Archive for Catherine Hessling

The Sunday Intertitle: A Right Nana

Posted in FILM, literature with tags , , , , on June 2, 2019 by dcairns

Renoir’s wife irl, Catherine Hessling is introduced as the title character of NANA (1926). Titles are by “Mme Le Blond Zola,” apparently.

This is the most impressive NANA I’ve seen, more engaging than the Dorothy Arzner/Anna Sten, that’s for damn sure. (Hollywood and Goldwyn robbed Anna of the considerable appeal she exuded in, say, THE BROTHERS KARAMAZOV, so totally that it’s quite hard to persuade classic Hollywood fans to even try her earlier work. Makes you appreciate the stubbornness with which Ingrid Bergman resisted being made over.)

CH indulges in some full-on booty shaking in her first scene, giving a huge laugh to the minor character who declares, moments later, “That woman is the epitome of elegance!”

This little vignette shows Renoir’s skill, I think: the still, silent humiliation of the neglected wife, contrasted with the fatuous enthusiasm of her male companion as they watch the show from a box. The wife will take the opera glasses from her idiot hubby, not to look herself, just to limit his oafish leering, and then she has to physically prevent him from throwing the flowers which he belatedly remembers are his gift to her.

What’s most typical of Renoir here is, I think, the co-existence of tragedy and comedy in the same frame, equally weighted, each given their due, resulting in a weird harmony that’s lifelike and not in the least jarring.

The Sunday Intertitle: Strike a Light

Posted in FILM, literature with tags , , , , , on January 31, 2010 by dcairns

It would be so good to become warm again from the light of a match.

The first Renoir short film I saw, SUR UN AIR DE CHARLESTON (1927), was memorably odd, mingling bizarre and very non-modern comedy (an African character is a blackface actor who dances the Charleston — because black people like jazz) with science fiction — a genre Renoir would not revisit until LE DEJEUNER SUR L’HERBE, with its talk of artificial insemination and “the European presidency” in 1959. CHARLESTON is really peculiar, brilliantly danced, and not exactly offensive, since it’s done with such naivety and affection.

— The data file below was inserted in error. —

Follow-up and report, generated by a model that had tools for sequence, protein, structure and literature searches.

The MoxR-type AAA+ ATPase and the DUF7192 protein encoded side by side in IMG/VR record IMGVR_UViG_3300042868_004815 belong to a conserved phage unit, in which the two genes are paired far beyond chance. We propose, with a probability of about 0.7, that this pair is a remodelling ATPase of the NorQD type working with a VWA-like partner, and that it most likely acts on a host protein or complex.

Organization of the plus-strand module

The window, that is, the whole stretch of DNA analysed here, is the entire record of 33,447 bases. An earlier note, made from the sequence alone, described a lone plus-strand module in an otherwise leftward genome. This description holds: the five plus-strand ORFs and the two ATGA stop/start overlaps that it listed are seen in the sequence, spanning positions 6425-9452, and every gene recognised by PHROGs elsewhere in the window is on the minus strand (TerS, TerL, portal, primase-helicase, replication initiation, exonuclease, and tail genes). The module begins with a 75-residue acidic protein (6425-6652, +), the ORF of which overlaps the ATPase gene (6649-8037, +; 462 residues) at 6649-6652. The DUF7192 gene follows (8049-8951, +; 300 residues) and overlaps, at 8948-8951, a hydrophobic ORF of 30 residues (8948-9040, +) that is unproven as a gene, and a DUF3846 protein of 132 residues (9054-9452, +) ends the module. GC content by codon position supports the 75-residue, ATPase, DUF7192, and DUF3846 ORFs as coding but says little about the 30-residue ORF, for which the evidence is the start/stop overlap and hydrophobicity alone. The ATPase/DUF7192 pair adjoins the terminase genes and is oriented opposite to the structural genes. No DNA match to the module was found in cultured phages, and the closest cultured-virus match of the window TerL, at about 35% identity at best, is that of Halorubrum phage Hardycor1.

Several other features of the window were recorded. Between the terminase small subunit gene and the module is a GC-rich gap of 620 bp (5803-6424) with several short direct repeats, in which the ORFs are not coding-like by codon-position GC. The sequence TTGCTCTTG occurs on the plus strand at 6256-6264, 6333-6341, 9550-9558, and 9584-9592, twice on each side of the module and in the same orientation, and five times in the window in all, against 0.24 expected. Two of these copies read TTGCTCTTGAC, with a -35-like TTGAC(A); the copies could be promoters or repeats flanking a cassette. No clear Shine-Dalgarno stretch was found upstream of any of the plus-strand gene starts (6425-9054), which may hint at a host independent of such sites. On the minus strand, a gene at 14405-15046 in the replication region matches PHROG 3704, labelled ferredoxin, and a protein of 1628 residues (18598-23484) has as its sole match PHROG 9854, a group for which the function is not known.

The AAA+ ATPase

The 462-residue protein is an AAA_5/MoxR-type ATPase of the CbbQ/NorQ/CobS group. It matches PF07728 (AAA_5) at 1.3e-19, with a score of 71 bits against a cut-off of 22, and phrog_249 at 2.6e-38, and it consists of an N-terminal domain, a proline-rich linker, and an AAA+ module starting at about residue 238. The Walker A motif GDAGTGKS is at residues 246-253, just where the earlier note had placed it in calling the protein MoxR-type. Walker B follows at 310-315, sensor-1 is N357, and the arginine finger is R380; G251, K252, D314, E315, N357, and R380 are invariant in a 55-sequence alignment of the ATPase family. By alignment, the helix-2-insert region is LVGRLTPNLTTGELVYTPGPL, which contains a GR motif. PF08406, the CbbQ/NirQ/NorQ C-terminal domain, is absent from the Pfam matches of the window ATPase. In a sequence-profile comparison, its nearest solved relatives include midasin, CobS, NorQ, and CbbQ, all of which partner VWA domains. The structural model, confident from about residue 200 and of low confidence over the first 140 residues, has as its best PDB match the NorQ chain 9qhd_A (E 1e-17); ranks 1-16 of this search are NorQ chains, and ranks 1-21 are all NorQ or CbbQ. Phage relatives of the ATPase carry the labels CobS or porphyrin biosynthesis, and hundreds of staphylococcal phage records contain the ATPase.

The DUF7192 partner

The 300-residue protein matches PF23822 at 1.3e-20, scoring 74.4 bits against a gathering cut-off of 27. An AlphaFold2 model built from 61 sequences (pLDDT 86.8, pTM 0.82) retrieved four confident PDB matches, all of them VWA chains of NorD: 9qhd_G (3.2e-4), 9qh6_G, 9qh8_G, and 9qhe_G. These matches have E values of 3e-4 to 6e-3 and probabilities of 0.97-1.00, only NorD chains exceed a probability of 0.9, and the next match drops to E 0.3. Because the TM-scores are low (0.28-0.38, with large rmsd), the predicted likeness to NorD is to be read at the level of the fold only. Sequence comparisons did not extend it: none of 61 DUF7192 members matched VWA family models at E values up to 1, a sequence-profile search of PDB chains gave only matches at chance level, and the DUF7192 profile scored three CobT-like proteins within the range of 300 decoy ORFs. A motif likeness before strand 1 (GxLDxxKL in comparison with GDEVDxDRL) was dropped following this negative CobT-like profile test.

A year later, with another feature film under his belt, Renoir adapted a Hans Andersen story, The Little Match Girl, as LA PETITE MARCHANDE D’ALLUMETTES, and made a masterpiece. While neither of these shorts necessarily evokes the Renoir we get to know later, both show stylistic curiosity of an insatiable kind, a love of performance, and a devotion to crafting beautiful filmic objects, all of which certainly inform the mature JR. This one also seems to enter Andersen’s sentimental concern with the problems of poverty via Chaplin, which seems altogether appropriate and proves extremely effective. And did I mention the beauty of it?

The movie stars Renoir’s wife, and his father’s model, Catherine Hessling, who is unsubtle in just about every way, particularly her makeup, but succeeds because the whole film is built around her excesses. And when the girl, dying in the snow, hallucinates being shrunk down to interact with the dolls in a toyshop, Hessling’s abilities as a dancer really lift the fantasy.

Here’s a bit in motion:

It’s altogether an extraordinary work. Renoir is experimenting, he’s telling a time-honoured story, and the balance of the two things is perfect. Plus a moment where a stray hair from the little match girl’s head gets caught on Death’s tunic, and Death plucks it loose and lets go and the hair becomes entangled on a wooden cross — this seems to be parodied in the last image of Bunuel’s L’AGE D’OR. in fact, both Renoir and Bunuel dissolve from falling objects (petals and feathers) to falling snow, making this film a pretty major influence on Bunuel’s, even though the two films’ purposes could not be more different.